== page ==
Article Extract: (From Jan) SS2 was lifted by the double-fuselage White Knight Two carrier airplane to a height of 46,000 feet (11.7 km). At that point, SS2 was dropped, and its hybrid rocket engine, capable of delivering a thrust of 60,000 lb (267 kN) for a period of 70 seconds, was fired for 20 seconds, for a top speed in excess of Mach 1.4 and a peak altitude of 71,000 ft (18 km).

“I have watched SS2 evolve over the years into an incredible vehicle that is going to open up space to more people than ever before,” he said. “To be behind the controls and fly it as the rocket ignited is something I will never forget. She flew brilliantly.”

Virgin Galactic has signed an agreement with the U.S. Federal Aviation Administration that lays out how the company will work with federal officials and New Mexico’s air traffic control to clear airspace for its launches. The company hopes to send its first customers to suborbital space by the end of this year. The flights will take off from Spaceport America in the desert in southern New Mexico. Customers will go aboard a craft called SpaceShipTwo, which we’ve watched undergo construction and meet milestones such as its first independent flight.

h/t to +Richard Branson.

From +Gizmag (Source) :

From +Popular Science (Source) :

+Wikipedia source:

+NBC News update :

+Virgin Galactic link on research on the spaceplace:

Earlier post on Swiss spaceplane:

Earlier post on air to space launches:

Earlier post 'Leap of the Lynx' :

Earlier post on minature robotic spaceplace (ESA) :

Earlier post on Skylon:

Details on company website:

Pics courtesy : Virgin Galactic and Virgin Galactic SpaceShipTwo - Third Powered Test Flight (Video link).

#virgingalactic #spaceplane #space #suborbital  
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Air to space launches : Even before the Space Shuttle was planned, humans have dreamed of launching spacecraft from aircraft. While the Shuttle was but one stepping stone in the development of tech, we are closer than ever to achieving Air to space launch. +DARPA, +European Space Agency, ESA and even +Virgin are looking at tests which are currently underway and may see the light of day in the next year or two. Why is this important? The huge cost of putting something up in orbit is something people are looking to vitiate. By ingenious methods.

Article Extract: Airborne Launch Assist Space Access (ALASA) is a project of the Defense Advanced Research Projects Agency (DARPA). Like NASA’s Nanosatellite Launch Challenge, ALASA hopes to develop a reliable, cost-effective launcher for small satellites. DARPA’s definition of “small” is a bit different, though. The NASA challenge is targeting CubeSat-sized payloads up to one kilogram. ALASA wants to develop a system that can put up to 100 pounds (45 kilograms) into Low Earth Orbit. That would apparently rule out systems like the GO Launcher, for example.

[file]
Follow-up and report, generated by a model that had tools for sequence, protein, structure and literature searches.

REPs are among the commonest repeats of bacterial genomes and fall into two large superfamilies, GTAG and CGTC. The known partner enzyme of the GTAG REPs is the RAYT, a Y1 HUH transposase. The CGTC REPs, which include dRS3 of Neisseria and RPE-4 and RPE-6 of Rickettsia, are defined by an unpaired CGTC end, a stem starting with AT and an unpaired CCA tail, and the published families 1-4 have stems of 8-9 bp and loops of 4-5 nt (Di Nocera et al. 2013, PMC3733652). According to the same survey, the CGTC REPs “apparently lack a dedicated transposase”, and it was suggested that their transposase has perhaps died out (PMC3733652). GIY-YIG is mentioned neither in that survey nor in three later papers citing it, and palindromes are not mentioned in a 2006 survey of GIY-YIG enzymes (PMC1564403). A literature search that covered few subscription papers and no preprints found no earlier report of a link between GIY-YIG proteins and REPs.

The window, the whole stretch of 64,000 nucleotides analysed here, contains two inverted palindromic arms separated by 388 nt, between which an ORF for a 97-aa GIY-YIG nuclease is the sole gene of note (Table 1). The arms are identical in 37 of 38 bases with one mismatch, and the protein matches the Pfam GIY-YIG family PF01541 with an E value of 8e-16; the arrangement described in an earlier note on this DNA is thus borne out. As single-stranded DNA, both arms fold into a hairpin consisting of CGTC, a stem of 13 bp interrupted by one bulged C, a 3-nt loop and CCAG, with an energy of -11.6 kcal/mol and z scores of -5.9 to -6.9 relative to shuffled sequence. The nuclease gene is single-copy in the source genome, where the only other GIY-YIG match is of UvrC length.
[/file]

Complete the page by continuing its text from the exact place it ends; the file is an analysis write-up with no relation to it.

DARPA is considering both solid and liquid propellent for the upper stages. One “obvious” option is a three-stage solid rocket launched from an F-15. DARPA is also considering business jets and larger aircraft, such as the Boeing 747, as launch platforms. (

DARPA Awards Boeing the airborne launcher concept:

+Wikipedia link on the ALASA concept:

DARPA link on the ALASA:

Additional DARPA link:

Space shuttle gif:
Main pic courtesy :
Additional pics from:

#space #airtospace #launch #satellite  
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The Bigelow inflatable space habitats : One company took an elegantly simple idea and ran with it. Today Bigelow Aerospace is not only on the cutting edge of space station habitat tech, they are actually looking at making modular and connectable habitats. Fascinating indeed. Earlier post here, and an even earlier post here :

Article Extract: Bigelow Aerospace is now developing an expandable module for the International Space Station. And the company hopes to use the Mid-Atlantic Regional Spaceport to deploy an independent, free-flying commercial space station.

Two months after signing a non-funded Space Act Agreement (SAA) with NASA, Bigelow Aerospace has made great progress toward identifying new ideas for private-public partnerships for human space exploration of the solar system, with discussions complementing NASA’s near- and long-term exploration goals with the private sector’s burgeoning development of exploration facilities for Earth orbit and beyond.